Waatea News Column: The Maori Party could spoil Jacinda’s dreams for a second term


The Māori Party have selected the exceptionally talented Debbie Ngarewa-Packer as their candidate in the very vulnerable seat of Te Tai Hauāuru and it represents the biggest threat to Jacinda’s dreams for a second term than any other political challenge.

Jacinda’s heroic 2017 win owed itself to the incredible excitement her campaign generated amongst the Māori electorate. Frustrated with getting no where via the Māori Party sitting at the table with National, the promise of transformative politics and kindness saw all Māori electorates swing to Labour alongside a large lift in the general seats where Māori who weren’t enrolled on the Māori roll party voted Labour.

That hope has soured since the election.

The lack of budgetary traction Grant Robertson has given the Māori Caucus to create large symbolic and identifiable wins for Māori has protected Labour from attacks of Māori favouritism but has blunted any real policy to sell Māori.

After seeing the Māori voice removed from Mental Health reforms, the horror of Oranga Tamariki and the ongoing bias inside our health, education and justice system, the growing argument that Māori need a seperate political voice outside of a main Party has been building and the Māori Party intend to capitalise upon that.

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A rejection of Labour by Māori voters in favour of the Māori Party could open up a pathway for National to regain power, especially as Labour only hold Te Tai Hauāuru with 1039 votes.

Labour need to show Māori that they have gotten something from trusting Jacinda. Here are 3 ideas.

Large budget increase for Māori Media – From Māori TV to Māori political shows on mainstream to the small independent Māori radio stations, Māori Media have had no increase in funding for decades, a large injection of funds would get an enormous amount of attention by those outlets.

Social housing with Urban Māori Authorities – a specific program aimed at helping more Māori get into home ownership through building collaborations with Māori Urban Authorities.

Parihaka Day becomes a National holiday – symbolic and powerful gesture that will cement into place an important cultural identity for Māori and wider NZ.

With barely 12 months till the next election, Labour don’t have the time to unpick the collective injustices visited upon Māori, but they can promote some big symbolic visions. Labour have got to give their Māori caucus something to campaign on or else dissatisfaction amongst Māori voters will turn them to the Māori Party and enable National a chance to return to power


First published on Waatea News.


  1. Jacinda’s pointless “and you must hold us to account” may well come back to haunt her.

    Martyn you mention “ongoing bias inside our health, education and justice systems”. What exactly is the evidence for said biases?

    • Oh for fucks sake sweetheart – really? You didn’t notice the conference on bias inside the prisons? You didn’t notice the enormous health conference held by Māori and the treaty claim because of that bias? Those passed you by eh champ?

      • 100% true that.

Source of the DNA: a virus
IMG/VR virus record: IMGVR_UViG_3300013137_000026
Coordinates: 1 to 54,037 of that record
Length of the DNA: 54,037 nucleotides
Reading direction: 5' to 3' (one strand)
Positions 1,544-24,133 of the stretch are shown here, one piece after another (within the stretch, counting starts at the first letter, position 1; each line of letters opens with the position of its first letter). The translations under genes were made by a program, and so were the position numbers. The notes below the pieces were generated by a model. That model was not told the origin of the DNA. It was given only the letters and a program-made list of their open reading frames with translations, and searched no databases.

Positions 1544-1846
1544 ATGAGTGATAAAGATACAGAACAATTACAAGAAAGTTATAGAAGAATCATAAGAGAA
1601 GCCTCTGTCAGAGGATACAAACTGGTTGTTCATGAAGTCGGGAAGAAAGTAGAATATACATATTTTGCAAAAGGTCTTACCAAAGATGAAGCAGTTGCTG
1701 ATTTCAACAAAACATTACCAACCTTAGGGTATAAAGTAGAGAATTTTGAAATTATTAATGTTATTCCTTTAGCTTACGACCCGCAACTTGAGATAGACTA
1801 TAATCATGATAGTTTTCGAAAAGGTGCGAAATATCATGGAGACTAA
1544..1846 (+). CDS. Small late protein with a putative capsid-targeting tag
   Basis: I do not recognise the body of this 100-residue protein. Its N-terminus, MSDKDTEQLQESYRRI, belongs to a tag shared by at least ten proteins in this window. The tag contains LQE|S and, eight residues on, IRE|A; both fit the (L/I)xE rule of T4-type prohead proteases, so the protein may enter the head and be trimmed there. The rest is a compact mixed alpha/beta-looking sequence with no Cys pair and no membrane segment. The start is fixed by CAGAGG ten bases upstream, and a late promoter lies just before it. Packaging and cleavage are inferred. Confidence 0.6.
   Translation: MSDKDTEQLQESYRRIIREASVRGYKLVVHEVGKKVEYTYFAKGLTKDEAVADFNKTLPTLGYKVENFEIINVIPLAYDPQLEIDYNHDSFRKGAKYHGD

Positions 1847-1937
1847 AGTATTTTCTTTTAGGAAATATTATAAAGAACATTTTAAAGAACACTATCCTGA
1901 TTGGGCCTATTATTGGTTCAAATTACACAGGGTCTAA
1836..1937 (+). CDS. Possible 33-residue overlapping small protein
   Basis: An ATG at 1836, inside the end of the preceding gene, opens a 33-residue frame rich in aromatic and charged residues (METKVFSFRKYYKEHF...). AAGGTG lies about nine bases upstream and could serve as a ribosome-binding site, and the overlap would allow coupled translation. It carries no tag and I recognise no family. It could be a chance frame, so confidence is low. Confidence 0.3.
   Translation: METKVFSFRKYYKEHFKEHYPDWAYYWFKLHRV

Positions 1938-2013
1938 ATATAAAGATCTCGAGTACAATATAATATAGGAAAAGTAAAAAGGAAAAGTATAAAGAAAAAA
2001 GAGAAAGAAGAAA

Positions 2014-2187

Bias is poison to our society as it makes the holders of it “blind to the truth” and it is everywhere now, and we are being sunk with it.

        Yes the Maori Party will return more likely now if Jacinda fails to get her ‘free to air public media platform to (restore TV7 again) going soon for her government to finally give us a voice to place “the other side of the story” to the electorate before the whole place is totally infested with “bias”.”

        Jacinda wake up before its to late.

      • I wasn’t aware of those conferences. But a health conference held by Maori is in itself evidence of bias in the health system? Some of the accusations of bias that we hear are based on the well-known inequalities of outcome in health, education etc. But medics and teachers can only do so much with people who’ve been damaged by deprivation, and blaming them for inequalities of outcome in health and education is hardly fair. And if kids live in cold, damp homes, and if they don’t get anything to eat before they leave home in the morning, how much will “unconscious bias” training of teachers actually achieve? It looks like scapegoating to me.

        • its not about individual medics or teachers. social services and schools that are founded on maori principles and practices are massively different to non-maori organisations. to work in and to receive service from. but the ones that exist are severely constrained by having to adhere to the dictates of professions, funders etc. and are underfunded fdor what they could potentially offer in a way that would make a difference. the bias is systemic not to be individuallised.

    • RosieLee – Yes, Matariki is really positive; Parihaka Day has the potential to become another grievance band wagon, unlike the lovely symbolism of Matariki.

      Previously Golriz Ghahraman proposed that the govt give the Greens Marama Davidson’s wanted national Parihaka Day as a trade off for the Greens supporting the waka jumping Bill.

      “Labour, NZ First and National have all decried a Green Party MP’s suggestion that horse trading could be used as a negotiating tactic to get a national “Parihaka Day”.

      The Green Party is considering opposing NZ First’s “Waka Jumping” bill – a deal struck in coalition talks – unless Labour gives it a national “Parihaka Day”.

      Green Party justice spokesperson Golriz Ghahraman, in an internal email obtained by Stuff, suggested some horse trading with Labour to acknowledge the fact the party has long opposed waka jumping legislation.”